Blowing Smoke: Cigarettes Butt In On the
World Cup, Despite a Tobacco Ban
Five months ago, soccer's governing body declared the 2002 World Cup tournament tobacco-free. Someone forgot to tell the cigarette companies.
In Malaysia, fans tuning into televised World Cup games are greeted by a voice-over during the games intoning: "Brought to you by Dunhill," British American Tobacco PLC's upscale cigarette brand. The company, the world's second-largest publicly traded cigarette maker, is also using print ads to hype the World Cup broadcasts and running a sweepstakes for free tickets to see a match live in Japan (the tournament is being co-hosted by Japan and Korea).
While the operators of the World Cup can keep tobacco products and advertising out of the stadiums and prevent the manufacturers from using World Cup logos, they can't tell broadcasters what they can and can't air. Tobacco companies are banned in the U.S. and Europe from airing ads on television, but in some developing countries cigarette makers face no such restrictions.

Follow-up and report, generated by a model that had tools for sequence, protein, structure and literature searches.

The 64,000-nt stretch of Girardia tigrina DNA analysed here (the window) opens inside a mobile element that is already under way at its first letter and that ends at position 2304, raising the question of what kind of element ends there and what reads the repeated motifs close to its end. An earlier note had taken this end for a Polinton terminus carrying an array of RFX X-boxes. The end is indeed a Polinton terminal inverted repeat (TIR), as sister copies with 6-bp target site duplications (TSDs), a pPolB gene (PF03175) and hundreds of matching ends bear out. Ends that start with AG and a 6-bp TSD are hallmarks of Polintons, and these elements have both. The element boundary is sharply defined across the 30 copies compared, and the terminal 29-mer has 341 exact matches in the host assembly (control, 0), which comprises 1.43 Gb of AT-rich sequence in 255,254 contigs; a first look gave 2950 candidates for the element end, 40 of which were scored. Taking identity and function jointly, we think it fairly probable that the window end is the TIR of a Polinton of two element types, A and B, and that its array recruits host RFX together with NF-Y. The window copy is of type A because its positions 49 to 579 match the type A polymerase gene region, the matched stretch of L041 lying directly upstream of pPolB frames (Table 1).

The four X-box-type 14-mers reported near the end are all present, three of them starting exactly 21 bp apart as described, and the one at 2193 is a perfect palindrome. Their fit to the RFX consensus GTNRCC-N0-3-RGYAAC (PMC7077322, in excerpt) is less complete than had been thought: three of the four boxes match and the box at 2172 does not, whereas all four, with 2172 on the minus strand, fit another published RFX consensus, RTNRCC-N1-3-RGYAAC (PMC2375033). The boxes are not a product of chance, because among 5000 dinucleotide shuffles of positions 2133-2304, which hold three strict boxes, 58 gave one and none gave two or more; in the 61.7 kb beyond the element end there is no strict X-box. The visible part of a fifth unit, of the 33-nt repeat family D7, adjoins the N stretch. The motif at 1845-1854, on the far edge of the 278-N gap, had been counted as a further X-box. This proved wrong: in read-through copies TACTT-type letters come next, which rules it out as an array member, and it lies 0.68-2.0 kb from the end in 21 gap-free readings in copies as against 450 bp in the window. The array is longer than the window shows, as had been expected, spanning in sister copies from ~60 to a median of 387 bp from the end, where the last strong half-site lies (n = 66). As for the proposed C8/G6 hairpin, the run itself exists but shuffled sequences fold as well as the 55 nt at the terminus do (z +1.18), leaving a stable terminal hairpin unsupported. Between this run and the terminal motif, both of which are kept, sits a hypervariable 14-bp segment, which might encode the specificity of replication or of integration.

Lakson Tobacco Co., based in Karachi, Pakistan, has kicked off an ad campaign that urges people to enjoy the World Cup "with a Diplomat," referring to a brand sold in Pakistan. Lakson Tobacco, in which Philip Morris Cos. owns a small stake, started its World Cup efforts in May with a sweepstakes contest splashed across Pakistani television. One top prize is a model of a soccer field made with gold, says Javaid A. Khan, a pulmonary specialist and antitobacco advocate at Aga Khan University Hospital in Karachi. Although the commercials are aired after 9 p.m., Dr. Khan is concerned that children will see them. "As if all children go to bed before 9," he says. "None of the Pakistani children go to bed before 11."
Remi Calvet, communications director for Philip Morris International, says Philip Morris doesn't control Lakson's management. "We have absolutely no advertising campaigns related to the World Cup," says Mr. Calvet, speaking of Philip Morris's own brands. A representative for Lakson couldn't be reached.